Mast cells (MC) are hemotopoietically derived tissue immune cells that are ubiquitous in the body, including neuroendocrine organs such as the hypothalamus, pineal, pituitary, ovaries, pancreas and uterus where their action is not well understood. Mast cells have historically been associated with allergies because of their rich content of histamine and tryptase, but more recently with regulation of immunity and inflammation due to their synthesis and release of numerous cytokines and chemokines. Mast cells are located perivascularly and express numerous receptors for diverse ligands such as allergens, pathogens, neurotransmitters, neuropeptides and hormones including acetylcholine, calcitonin gene-related peptide (CGRP), corticosteroids, corticotropin-releasing hormone (CRH), β-endorphin, epinephrine, 17β-oestradiol, gonadotrophins, hemokinin-A (HKA), leptin, melatonin, neurotensin (NT), parathyroid hormone (PTH), substance P (SP) and vasoactive intestinal peptide (VIP). Moreover, MC can synthesize and release most of their neurohormonal triggers, including adrenocorticotropin hormone (ACTH), CRH, endorphins, HKA, leptin, melatonin, NT, SP and VIP. Animal experiments have shown that diencephalic MC increase in number during courting in doves, while stimulation of brain and nasal MC leads to activation of the hypothalamic-pituitary-adrenal (HPA) axis. Recent evidence indicates that MC reactivity exhibits diurnal variations, and it is interesting that melatonin appears to regulate MC secretion. However, the way MC change their phenotype or secrete specific molecules selectively at different pathophysiological settings still remains unknown. Mast cells developed over 500 million years ago and may have served as the original prototype neuroimmunoendocrine cell and then evolved into a master regulator of such interactions, especially as most of the known diseases involve neuroinflammation that worsens with stress.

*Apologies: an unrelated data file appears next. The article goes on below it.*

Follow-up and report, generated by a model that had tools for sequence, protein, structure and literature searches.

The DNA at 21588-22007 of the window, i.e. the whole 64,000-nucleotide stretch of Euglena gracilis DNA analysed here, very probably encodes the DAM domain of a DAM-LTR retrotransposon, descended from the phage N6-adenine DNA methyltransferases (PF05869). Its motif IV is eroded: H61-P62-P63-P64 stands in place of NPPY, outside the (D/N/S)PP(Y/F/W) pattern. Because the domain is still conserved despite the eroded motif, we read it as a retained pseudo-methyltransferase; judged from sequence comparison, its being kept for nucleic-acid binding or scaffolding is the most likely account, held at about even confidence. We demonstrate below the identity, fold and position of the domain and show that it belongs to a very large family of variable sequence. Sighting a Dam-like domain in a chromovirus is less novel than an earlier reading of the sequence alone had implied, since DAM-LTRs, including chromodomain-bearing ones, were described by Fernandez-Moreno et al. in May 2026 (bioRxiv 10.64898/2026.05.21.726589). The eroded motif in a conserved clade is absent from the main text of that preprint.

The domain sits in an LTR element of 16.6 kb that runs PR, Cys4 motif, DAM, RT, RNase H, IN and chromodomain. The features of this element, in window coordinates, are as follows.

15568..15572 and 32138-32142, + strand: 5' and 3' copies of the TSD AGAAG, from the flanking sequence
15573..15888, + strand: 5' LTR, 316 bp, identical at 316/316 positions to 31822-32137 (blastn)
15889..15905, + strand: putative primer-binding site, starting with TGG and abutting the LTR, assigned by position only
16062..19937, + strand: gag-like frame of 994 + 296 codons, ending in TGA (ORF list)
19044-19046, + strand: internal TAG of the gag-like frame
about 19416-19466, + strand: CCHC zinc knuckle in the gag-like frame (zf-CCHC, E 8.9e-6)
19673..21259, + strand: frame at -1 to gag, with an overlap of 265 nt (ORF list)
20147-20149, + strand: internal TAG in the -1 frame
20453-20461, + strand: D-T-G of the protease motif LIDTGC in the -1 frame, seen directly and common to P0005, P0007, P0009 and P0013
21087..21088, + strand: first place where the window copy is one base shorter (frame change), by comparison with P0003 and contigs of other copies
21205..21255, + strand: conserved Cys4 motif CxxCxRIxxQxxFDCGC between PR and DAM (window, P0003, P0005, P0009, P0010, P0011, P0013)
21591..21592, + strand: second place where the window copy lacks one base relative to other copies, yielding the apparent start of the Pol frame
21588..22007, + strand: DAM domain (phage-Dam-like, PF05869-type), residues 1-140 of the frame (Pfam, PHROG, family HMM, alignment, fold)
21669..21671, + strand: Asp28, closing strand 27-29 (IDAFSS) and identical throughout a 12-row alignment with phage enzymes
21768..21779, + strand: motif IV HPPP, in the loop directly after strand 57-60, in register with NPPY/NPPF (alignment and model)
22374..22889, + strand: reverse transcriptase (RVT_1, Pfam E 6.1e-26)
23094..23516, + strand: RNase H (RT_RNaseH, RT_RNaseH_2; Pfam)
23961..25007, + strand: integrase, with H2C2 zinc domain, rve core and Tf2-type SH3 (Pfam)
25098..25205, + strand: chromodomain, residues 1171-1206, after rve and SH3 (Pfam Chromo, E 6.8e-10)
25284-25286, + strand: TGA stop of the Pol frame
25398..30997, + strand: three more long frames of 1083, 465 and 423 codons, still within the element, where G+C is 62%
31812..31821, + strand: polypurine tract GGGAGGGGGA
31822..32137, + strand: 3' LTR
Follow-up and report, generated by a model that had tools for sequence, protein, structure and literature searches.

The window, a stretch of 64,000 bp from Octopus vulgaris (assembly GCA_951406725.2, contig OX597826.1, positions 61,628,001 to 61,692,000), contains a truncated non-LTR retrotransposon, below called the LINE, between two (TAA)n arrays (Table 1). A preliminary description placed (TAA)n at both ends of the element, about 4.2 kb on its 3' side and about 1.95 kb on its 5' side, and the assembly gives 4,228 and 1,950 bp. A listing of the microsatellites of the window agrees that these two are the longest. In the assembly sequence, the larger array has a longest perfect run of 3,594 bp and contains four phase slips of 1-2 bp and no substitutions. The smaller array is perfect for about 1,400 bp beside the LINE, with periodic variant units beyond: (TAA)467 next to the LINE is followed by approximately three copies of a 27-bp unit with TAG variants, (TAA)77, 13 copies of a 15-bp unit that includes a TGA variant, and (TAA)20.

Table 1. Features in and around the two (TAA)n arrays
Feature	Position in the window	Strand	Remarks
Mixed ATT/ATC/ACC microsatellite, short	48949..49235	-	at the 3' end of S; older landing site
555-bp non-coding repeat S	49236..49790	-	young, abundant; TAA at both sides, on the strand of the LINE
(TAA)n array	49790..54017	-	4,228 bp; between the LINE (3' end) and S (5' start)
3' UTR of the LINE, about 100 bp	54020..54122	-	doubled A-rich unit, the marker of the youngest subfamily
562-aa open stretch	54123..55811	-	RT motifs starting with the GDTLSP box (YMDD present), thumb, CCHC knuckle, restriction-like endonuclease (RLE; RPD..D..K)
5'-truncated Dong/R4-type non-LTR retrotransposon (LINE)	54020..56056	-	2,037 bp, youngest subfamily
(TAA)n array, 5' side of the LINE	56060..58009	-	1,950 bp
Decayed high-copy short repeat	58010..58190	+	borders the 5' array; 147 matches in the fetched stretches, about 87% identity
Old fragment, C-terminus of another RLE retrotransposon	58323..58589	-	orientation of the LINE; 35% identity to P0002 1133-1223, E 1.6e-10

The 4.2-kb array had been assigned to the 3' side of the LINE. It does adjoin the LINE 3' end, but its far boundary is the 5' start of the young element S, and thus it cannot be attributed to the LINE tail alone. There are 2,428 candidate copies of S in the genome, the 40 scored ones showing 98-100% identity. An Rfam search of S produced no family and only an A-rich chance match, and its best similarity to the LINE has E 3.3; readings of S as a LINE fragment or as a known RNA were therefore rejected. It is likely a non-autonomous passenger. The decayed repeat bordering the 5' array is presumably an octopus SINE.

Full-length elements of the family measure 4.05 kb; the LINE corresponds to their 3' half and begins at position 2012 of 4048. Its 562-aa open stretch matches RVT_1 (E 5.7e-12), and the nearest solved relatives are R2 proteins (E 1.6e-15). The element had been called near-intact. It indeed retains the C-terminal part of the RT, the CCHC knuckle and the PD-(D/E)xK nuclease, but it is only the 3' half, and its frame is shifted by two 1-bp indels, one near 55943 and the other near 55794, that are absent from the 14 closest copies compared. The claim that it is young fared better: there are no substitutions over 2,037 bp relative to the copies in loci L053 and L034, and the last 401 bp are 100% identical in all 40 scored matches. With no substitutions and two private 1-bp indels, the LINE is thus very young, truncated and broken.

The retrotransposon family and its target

Keywords: allergies; corticotropin-releasing hormone; hypothalamic-pituitary-adrenal axis; melatonin; neuropeptides; neurotransmitters; stress; substance P.
© 2017 John Wiley & Sons A/S. Published by John Wiley & Sons Ltd.